In this story, Borges reviews The Approach to Al-Mu'tasim, a book by fictional author Mir Bahadur Ali. In so doing, he address themes of identity, goodness, and divinity. In the end, the philosophical question at play in this piece is to what extent an absolute good can manifest itself in a single entity.
Borges begins by succinctly summarizing what critics have said about the book with much more pedantry: that the story has elements of a detective novel and mystical undertones (82). He then describes the different iterations through which the book has gone: the original was published in Bombay in late 1932, after which Ali released a second, illustrated version called The Conversation with the Man Called Al-Mu'tasim: A Game with Shifting Mirrors (82). This second version was reprinted in London in 1934, the time at which Borges writes review. Borges reviews this version, and supposes that the original is a much better novel, though he has not read that version (82).
Borges then briefly summarizes the plot of the story, which follows the journey of an unnamed law student from Bombay. He has renounced his parent's Islamic faith, but then finds himself in a street riot between Muslims and Hindus on the tenth night of the moon of Murrham (83). He ends up believing that he has killed a Hindu, and then flees, hiding in a tower inhabited by a depraved man. Afterwords, remembering someone whom the depraved man spoke of despising, he assumes that such a person would be of good moral character, and he goes on a search to find that person.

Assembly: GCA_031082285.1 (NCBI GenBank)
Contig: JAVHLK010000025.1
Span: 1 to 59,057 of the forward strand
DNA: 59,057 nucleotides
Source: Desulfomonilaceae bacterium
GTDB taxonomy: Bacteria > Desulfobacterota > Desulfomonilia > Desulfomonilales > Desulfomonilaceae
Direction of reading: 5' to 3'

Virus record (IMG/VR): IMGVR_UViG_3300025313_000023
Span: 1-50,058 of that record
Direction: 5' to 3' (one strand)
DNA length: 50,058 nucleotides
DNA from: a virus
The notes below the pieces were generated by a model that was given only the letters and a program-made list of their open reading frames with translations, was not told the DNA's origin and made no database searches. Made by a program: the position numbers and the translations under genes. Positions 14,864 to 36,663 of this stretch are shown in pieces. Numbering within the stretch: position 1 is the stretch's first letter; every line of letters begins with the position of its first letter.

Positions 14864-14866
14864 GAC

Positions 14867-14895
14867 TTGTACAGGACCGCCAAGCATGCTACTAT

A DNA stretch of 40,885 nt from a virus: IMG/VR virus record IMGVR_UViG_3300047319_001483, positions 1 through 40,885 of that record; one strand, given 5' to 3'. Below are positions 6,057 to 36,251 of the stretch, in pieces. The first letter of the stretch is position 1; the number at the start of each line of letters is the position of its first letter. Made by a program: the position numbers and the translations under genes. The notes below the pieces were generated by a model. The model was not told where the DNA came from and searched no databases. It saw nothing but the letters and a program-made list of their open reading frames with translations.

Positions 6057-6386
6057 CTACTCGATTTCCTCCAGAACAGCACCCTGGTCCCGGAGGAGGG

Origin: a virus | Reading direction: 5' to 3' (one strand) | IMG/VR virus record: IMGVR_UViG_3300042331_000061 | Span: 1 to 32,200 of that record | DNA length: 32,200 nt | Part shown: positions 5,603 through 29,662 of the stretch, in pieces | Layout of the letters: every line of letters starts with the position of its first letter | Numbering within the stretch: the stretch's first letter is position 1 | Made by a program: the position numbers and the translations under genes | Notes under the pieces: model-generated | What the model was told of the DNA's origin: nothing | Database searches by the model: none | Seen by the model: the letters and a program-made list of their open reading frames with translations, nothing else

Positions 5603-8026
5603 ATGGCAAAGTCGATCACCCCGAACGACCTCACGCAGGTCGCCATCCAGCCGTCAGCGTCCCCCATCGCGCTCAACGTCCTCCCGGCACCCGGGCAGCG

The overall structure of the novel, then, proceeds by the protagonist searching by a matter of degrees for people with ever more moral goodness to their character. The title, The Approach to Al-Mu'tasim, refers to the idealized person of perfect goodness, about whom the protagonist hears while on his quest, and whom he nears by finding people who have known Al-Mu'tasim more and more closely and have increasingly better moral characters. The book ends with the protagonist being called into a room by Al-Mu'tasim.